Aluminum prices fell to their lowest level in 17 months on Wednesday and most other base metals lost ground as faltering global economic growth weakened demand prospects and boosted the dollar.
* The dollar has strengthened more in 2022 than in any year since 1981 and hit a 20-year high on Wednesday, making metals priced on the greenback more expensive for buyers with other currencies.
* A further increase in interest rates in the United States should serve to maintain the strength of the dollar, according to analysts.
* Global stock markets fell as weaker-than-expected trade data from China, the world’s largest consumer of metals, worsened the outlook for the global economy.
Benchmark aluminum on the London Metal Exchange (LME) was down 1.1% at $2,236.50 a tonne by 1633 GMT, having hit its lowest since April 2021 at $2,233.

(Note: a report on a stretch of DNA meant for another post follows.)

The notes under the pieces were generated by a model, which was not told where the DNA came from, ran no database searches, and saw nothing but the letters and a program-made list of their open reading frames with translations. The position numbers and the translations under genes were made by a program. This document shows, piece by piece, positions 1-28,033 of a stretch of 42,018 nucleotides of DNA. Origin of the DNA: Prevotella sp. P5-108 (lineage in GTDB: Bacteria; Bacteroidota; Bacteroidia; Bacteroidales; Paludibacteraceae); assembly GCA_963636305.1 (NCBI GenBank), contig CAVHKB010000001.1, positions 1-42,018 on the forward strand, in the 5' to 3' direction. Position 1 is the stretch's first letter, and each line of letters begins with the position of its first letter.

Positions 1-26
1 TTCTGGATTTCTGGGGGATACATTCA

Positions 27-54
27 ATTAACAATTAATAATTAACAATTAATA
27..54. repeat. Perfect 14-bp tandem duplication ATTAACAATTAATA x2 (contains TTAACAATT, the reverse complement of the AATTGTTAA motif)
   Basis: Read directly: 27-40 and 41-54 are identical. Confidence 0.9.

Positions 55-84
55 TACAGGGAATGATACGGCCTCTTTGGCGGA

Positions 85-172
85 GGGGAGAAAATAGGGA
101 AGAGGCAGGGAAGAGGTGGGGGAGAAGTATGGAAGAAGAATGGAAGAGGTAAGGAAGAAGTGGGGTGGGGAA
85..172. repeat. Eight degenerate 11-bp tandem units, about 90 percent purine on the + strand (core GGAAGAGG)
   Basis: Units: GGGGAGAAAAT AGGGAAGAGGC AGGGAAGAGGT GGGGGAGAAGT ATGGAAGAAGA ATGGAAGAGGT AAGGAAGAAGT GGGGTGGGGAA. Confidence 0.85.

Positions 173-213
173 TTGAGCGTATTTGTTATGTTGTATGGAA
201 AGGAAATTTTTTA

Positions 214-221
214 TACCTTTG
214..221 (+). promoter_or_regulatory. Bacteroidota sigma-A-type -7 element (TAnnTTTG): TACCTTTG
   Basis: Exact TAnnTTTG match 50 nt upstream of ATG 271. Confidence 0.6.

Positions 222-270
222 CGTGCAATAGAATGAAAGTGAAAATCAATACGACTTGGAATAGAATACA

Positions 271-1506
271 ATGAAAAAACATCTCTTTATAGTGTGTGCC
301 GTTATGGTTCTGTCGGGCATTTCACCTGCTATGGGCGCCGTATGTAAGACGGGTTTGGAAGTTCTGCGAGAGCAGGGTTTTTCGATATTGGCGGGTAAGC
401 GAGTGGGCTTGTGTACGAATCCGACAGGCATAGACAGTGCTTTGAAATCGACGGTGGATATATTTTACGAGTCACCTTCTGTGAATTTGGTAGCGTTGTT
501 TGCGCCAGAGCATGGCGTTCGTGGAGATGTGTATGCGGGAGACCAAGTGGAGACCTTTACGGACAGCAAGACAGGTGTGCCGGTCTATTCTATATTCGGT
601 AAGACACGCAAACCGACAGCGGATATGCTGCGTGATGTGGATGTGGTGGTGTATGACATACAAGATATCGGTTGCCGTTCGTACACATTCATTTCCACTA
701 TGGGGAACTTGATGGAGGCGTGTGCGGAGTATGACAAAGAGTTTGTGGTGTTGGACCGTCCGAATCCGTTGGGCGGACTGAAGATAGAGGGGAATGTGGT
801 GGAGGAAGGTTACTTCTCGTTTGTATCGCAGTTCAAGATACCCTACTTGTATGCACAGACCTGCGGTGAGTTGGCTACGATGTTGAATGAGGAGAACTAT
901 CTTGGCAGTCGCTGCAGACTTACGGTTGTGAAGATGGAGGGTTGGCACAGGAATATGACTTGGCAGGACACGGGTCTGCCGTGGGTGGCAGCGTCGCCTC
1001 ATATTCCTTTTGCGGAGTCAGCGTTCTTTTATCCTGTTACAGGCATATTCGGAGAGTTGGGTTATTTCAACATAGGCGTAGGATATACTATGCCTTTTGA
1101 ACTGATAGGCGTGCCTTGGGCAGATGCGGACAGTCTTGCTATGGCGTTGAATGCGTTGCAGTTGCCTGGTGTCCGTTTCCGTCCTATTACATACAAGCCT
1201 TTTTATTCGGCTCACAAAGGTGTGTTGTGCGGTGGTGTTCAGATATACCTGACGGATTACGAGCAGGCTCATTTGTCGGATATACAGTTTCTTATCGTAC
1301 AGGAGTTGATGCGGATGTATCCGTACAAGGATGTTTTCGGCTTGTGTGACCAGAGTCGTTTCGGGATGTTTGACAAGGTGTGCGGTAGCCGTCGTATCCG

* The price of metal used in transportation, packaging and construction has lost 20% this year.
* Supply of aluminum and other metals is tight and inventories are low, but the market is more focused on weakening demand and a rising dollar, independent analyst Robin Bhar said.
* Germany’s Speira said on Wednesday it will cut aluminum output by 50% due to high energy costs, adding to around a million tonnes of production capacity shut down in Europe in the past two years.
* However, large inflows of aluminum into LME-listed warehouses have eased supply concerns, moving spot aluminum for immediate delivery from a premium to a discount to the three-month contract.
* LME inventories rose to 309,500 tonnes from 277,050 on Monday, but remain well below recent levels.
* Among other base metals, fell 1.2% to $7,591.50 a tonne, 1.6% to $3,115.50, fell 1.1% to $21,345, lead it rose 0.5% to $1,902.50 and tin lost 2.3% to $20,720.